Recent reports have revealed the alarming ability of microplastics to accumulate in fish and other sea creatures, with the ultimate fear being that these plastics might end up on human plates. They may also accumulate within the tissue of some plants, as further shown by two recent studies.
In the past few years, we’ve become increasingly aware of the polluting problem of microplastics. Microplastics refer to any small plastic fragment less than 5 mm in length. They enter the environment in the form of either primary microplastics- plastics that are originally small in size (think fibres from clothing, microbeads from face washes), or as secondary microplastics– those that have broken down from large plastic items like water bottle and plastic bags.
Because they are plastic, they degrade slowly – over hundreds to thousands of years. Instead, they move throughout the world, particularly in rivers, lakes and oceans. Because they are micro, they tend to get into things. Including living organisms, such as plants.
Although previous studies have revealed that microplastics can wiggle their way into at least some plants, Gea Oliveri Conti and colleagues wanted to investigate whether plastics was specifically present in the plants we eat. The scientists searched for the smallest kinds of microplastics (<10 µm, i.e. <0.01 mm), focusing whether these particles could be found in fruit and vegetables that are commonly consumed. They chose carrot, lettuce, broccoli and potato, as well as apple and pear, purchasing samples of the fruit and veg from local markets scattered throughout their city.
Because plastic is so ubiquitous in our world today, the scientists had to take great care in their analysis, in order to ensure that any plastic found truly came from within the foods themselves. They washed and peeled the fruit and vegetables (except the lettuce and broccoli), and- to limit the likelihood of lab-plastic contamination- thoroughly cleaned all working spaces, and used non-plastic equipment in their extraction method.
Their work revealed the presence of microplastics within all of the tested products, with the amount and sizes of the plastic differing from food to food. For example, fruits had high levels of microplastic compared to vegetables, with apples being more contaminated than pears. The scientists hypothesised that the high levels of plastic in fruit, relative to vegetables, may have been due to the the older age of the fruit tree (more chance for plastic to be obtained from the environment), and the larger size and complexity of their root systems (more water uptake from more area). Amongst the vegetables, carrots contained the most plastics, and also had the smallest particle size (lettuce was the winner in the ‘biggest particle’ category).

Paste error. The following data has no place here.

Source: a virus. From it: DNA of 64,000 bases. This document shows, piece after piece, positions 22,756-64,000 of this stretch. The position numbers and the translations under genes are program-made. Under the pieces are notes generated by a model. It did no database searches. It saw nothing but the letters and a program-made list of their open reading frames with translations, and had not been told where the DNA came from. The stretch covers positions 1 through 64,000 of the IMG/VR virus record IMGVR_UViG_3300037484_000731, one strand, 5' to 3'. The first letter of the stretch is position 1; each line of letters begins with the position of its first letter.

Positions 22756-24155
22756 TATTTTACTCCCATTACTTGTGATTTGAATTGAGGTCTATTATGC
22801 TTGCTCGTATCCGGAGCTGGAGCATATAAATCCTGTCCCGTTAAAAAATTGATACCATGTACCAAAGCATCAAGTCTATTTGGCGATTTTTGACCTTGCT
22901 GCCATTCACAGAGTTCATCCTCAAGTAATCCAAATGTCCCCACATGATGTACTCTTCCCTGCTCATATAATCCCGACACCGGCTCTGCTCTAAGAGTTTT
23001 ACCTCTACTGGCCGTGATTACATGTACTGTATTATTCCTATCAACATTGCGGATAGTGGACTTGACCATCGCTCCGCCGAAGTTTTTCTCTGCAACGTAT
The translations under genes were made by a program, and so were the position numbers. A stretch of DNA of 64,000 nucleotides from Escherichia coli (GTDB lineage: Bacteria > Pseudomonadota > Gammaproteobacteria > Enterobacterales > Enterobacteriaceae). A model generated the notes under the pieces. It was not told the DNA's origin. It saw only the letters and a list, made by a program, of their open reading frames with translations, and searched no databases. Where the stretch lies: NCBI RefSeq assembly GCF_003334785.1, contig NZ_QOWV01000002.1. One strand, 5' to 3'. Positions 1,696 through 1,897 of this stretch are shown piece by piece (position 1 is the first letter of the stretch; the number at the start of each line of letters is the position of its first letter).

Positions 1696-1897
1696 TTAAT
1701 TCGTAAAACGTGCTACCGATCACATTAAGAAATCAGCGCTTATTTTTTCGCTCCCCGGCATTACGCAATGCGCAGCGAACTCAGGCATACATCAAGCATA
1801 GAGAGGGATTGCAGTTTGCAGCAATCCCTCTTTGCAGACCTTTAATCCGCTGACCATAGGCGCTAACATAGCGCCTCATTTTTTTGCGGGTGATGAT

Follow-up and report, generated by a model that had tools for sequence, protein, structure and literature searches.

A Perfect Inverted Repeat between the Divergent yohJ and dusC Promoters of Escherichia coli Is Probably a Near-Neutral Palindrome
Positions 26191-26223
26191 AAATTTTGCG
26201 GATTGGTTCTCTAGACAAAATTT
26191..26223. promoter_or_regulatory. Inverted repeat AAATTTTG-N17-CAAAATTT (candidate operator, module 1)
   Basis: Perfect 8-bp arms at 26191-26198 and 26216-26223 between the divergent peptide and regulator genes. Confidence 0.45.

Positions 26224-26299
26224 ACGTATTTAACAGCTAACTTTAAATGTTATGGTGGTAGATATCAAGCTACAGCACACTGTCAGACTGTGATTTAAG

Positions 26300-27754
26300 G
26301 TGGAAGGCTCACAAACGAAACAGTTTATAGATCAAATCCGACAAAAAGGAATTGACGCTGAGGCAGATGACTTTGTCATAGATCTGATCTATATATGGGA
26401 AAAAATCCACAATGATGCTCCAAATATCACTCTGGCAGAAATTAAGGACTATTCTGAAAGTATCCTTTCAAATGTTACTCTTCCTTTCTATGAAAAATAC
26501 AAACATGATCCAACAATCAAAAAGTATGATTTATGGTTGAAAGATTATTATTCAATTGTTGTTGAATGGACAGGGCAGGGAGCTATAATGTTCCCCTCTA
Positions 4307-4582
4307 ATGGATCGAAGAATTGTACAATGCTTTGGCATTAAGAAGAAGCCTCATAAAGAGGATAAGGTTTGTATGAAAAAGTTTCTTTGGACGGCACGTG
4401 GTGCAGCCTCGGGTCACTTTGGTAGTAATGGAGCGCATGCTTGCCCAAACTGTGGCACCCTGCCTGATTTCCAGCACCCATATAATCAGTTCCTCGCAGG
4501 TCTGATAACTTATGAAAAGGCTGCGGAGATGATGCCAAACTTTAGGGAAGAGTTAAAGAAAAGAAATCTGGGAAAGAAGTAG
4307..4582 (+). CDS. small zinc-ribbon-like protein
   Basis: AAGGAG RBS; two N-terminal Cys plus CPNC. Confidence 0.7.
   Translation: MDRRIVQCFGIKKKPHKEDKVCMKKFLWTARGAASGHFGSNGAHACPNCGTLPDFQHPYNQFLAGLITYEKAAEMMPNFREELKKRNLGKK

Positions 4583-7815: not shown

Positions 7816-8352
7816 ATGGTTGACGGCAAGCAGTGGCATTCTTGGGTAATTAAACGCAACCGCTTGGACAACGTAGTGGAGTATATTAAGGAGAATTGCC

In a related study, Lianzhen Li and colleagues analysed microplastic uptake in lettuce Lactuca sativa and wheat (Triticum aestivum), in a lab experiment that involved growing the crops in hydroponic cultures or sandy soil. In both cases, they watered the plants with wastewater, which is commonly used for agricultural irrigation throughout the world, but which is also known to have a tendency to contain microplastics.
The scientists demonstrated the presence of microplastics in the crops, and further illucidated the method of uptake: plastics enter at the sites of lateral root emergence and make their way to the shoots of the plants using the natural transpirational pull. The research further revealed that particularly large microplastic particles – up to 40 times bigger than those identified before – are also able to enter plants.
Both studies demonstrate the shockingly ubiquitous presence of plastic throughout our world, and its ability to spread into and accumulate in biological systems. But the further implications of these findings aren’t really clear. In the first study, the scientists expanded their results by calculating the ‘estimated daily intake’ of plastic for people, factoring in the amount of plastic per food, how often that food is eaten, and the average body weight of the person eating the food. However, there remains little information about whether the plastics accumulate in the human body, or if they just ‘pass through’, and whether either option would have any implications for human health.
Micro- and nano-plastics in edible fruit and vegetables. The first diet risks assessment for the general population. Environmental Research 2020. Gea Oliveri Conti, Margherita Ferrante, Mohamed Banni, Claudia Favara, Ilenia Nicolosia, Antonio Cristaldi, Maria Fiore, Pietro Zuccarello
You can find the full text here
Effective uptake of submicrometre plastics by crop plants via a crack-entry mode. Nature Sustainability, 2020. Lianzhen Li, Yongming Luo, Ruijie Li, Qian Zhou, Willie J. G. M. Peijnenburg, Na Yin, Jie Yang, Chen Tu & Yunchao Zhang
We could not find the full text online.
We mention these studies on the July 17th episode of our podcast.